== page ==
Oceania Marine has ''let go'' of its Hewlett St boat interiors and manufacturing operation to concentrate on the company's other operations.
Jim Loynes, marketing manager, said a recent reduction of services and staff at the Hewlett St yard, ''in no way signals the demise of the company [Oceania Marine]''.
Rather than continuing to divert resources into Oceania Interiors, which took over the former SMI (Specialist Marine Interiors) operations in 2015, a decision was made to
concentrate on haul-out operations, he said.
''We have unfortunately had to cease our new build and manufacturing operation at Hewlett St, but staff there have been given new contracts by another marine industry operator. We will still offer interior refit options to clients and Oceania Interiors is still operational.''
The company had made an effort to find other jobs for people laid-off who were not rehired by new operators who have taken over at the facility, Loynes said.
That company has a base elsewhere in New Zealand. Loynes said having a firm expanding its operations into Whangārei was a good outcome.
In November last year Oceania Marine received a $4.8 million loan from the Provincial Growth Fund (PGF) to buy a 560-tonne capability travel lift to hoist super yachts and other big boats out of the water at the Port Rd (South Port) yard.
Loynes said there was scuttlebutt about because of the interiors, new build and manufacturing business going so soon after the multi-million dollar loan to help expand the greater Oceania business. However, Oceania Interiors would still be operating.
Part of the interiors capability would now be shifted into Oceania Marine's other two premises.
Oceania Marine offers haul-out, lift-out, hardstand, storage, workshop, refit and crew facilities at its two large yards in Fraser St and the former Tenex yard in Port Rd, known as the north and south shipyards.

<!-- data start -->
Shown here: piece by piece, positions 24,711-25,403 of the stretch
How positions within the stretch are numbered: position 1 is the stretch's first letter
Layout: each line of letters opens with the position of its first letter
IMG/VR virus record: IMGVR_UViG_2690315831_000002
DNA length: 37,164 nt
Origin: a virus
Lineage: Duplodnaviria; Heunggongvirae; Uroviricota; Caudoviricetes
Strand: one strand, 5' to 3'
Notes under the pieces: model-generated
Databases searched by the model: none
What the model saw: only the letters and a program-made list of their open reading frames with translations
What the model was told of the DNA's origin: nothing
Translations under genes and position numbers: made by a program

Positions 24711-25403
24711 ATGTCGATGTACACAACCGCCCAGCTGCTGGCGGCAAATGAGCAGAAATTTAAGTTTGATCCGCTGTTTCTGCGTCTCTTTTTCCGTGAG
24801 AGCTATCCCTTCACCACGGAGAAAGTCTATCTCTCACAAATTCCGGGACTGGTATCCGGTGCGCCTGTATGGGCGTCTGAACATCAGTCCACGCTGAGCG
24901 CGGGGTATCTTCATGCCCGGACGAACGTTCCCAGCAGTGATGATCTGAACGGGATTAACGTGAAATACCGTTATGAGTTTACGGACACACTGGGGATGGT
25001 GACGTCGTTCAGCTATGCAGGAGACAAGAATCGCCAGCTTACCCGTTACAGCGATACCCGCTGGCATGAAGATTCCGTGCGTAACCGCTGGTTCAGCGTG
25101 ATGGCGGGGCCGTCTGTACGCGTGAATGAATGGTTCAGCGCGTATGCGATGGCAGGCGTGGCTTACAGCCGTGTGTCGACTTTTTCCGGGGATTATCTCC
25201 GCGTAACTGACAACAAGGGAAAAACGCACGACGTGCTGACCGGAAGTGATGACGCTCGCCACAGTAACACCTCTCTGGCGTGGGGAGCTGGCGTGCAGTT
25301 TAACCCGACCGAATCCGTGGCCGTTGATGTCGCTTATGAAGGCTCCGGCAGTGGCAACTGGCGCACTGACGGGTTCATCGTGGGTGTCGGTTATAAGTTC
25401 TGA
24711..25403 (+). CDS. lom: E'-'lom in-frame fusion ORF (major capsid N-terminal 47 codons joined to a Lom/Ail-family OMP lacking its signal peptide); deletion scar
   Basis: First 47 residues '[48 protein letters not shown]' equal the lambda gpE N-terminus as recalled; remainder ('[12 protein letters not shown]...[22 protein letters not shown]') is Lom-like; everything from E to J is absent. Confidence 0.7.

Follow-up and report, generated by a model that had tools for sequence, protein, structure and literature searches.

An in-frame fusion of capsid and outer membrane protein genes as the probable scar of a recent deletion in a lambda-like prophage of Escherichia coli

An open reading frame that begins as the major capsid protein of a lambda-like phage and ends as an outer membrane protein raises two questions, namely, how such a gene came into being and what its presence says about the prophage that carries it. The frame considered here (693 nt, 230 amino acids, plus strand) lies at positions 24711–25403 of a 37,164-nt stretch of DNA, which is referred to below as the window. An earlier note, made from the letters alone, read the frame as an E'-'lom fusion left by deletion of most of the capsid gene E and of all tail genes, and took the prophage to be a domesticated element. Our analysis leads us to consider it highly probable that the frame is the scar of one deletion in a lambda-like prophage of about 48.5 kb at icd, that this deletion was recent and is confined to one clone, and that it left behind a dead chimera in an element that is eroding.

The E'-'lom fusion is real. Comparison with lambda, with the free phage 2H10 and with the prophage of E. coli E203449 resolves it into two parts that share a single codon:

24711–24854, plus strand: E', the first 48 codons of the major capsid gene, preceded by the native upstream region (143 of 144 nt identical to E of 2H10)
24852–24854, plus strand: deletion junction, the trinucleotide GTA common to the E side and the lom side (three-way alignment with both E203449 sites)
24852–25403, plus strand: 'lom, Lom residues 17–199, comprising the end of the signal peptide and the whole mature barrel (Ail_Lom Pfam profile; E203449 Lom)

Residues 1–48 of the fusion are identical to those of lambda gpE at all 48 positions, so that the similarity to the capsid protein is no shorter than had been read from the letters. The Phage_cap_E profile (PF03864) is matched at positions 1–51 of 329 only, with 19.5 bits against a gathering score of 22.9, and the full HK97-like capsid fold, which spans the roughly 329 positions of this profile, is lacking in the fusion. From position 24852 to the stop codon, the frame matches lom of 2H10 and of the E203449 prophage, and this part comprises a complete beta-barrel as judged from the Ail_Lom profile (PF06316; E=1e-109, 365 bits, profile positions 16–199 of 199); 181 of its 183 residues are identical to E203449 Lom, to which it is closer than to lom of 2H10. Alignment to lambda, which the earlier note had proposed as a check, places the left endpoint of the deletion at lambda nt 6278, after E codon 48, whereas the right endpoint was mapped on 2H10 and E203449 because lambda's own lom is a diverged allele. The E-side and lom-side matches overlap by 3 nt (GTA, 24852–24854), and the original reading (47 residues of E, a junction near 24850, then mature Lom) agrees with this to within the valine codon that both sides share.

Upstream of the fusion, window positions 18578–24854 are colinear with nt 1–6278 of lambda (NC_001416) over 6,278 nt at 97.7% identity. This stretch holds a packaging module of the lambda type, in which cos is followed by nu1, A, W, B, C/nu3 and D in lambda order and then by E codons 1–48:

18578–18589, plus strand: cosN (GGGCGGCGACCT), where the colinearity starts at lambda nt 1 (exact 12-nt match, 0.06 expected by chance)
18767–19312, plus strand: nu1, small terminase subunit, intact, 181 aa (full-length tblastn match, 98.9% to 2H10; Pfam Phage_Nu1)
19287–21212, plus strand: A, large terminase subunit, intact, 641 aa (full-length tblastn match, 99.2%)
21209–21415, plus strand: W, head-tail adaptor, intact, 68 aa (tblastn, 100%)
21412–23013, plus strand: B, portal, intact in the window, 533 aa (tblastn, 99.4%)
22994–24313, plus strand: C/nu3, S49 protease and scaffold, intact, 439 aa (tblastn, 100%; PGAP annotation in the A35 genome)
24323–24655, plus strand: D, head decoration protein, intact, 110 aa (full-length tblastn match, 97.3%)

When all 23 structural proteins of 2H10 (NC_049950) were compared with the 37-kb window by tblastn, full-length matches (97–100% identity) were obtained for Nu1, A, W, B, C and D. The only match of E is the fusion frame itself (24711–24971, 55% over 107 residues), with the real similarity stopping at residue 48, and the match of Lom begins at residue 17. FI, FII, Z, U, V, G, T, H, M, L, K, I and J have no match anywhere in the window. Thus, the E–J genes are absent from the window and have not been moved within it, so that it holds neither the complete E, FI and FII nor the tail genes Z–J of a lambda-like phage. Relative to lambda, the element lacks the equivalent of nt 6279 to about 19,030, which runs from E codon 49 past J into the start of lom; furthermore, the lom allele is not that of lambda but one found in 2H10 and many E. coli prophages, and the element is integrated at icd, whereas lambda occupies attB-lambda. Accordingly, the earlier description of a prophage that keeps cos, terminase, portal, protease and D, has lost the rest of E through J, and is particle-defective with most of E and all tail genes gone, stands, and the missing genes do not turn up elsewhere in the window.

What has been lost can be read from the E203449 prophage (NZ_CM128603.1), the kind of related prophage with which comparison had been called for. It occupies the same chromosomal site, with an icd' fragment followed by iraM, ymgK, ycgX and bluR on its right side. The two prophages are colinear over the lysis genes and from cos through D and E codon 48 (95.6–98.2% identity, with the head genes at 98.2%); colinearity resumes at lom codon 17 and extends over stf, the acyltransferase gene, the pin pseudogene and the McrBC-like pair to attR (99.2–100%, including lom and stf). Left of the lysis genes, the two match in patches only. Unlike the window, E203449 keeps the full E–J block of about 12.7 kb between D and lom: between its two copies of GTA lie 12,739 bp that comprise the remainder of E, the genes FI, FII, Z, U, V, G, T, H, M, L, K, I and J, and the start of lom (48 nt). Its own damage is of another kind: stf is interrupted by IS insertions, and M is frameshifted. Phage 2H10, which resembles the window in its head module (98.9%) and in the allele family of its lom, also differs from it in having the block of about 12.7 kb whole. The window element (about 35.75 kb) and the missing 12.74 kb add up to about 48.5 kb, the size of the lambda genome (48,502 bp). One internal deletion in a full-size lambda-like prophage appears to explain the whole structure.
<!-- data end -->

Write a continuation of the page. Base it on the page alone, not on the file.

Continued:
Owner Martin Gleeson started the company in 2012 in the wake of New Zealand Yacht's (NZY) demise.
NZY had been set up 11 years earlier by wealthy ex-pat Allen Jones to build luxury and mega yachts, launches and commercial boats.
Jones recruited a large workforce and built a huge boatshed in Fraser St, opened by then Prime Minister Helen Clark. Despite the fanfare and promises, the business failed to take off and the skilled workforce slipped away.
NZY was downsized as a maintenance and refit specialist but, in the world-wide recession, the final blow was losing a major contract that would have kept the yard going.
Gleeson established two successful businesses, Oceania Marine Ltd and Oceania Marine Coatings.
The company then picked up the premises and work of its troubled sub-contracting company SMI and its 20 staff in 2015.
''It was a good fit. We were looking for more new-build work but that has not materialised,'' Loynes said.
''Closing that operation was not a decision taken lightly . .. but we are first and foremost a refit and repair yard.''
Oceania Marine is already taking bookings from the international boating world for the new 560-tonne lift schedule. Once the specifications are worked out the lift will be ordered and expected to arrive 10 months later for assembly on-site.
Criteria for the PGF loan included job creation potential, and for every super-yacht that comes into the yard, around 10 people will be hired to work on it. The company hopes to take on around 15 apprentices over the next few years.
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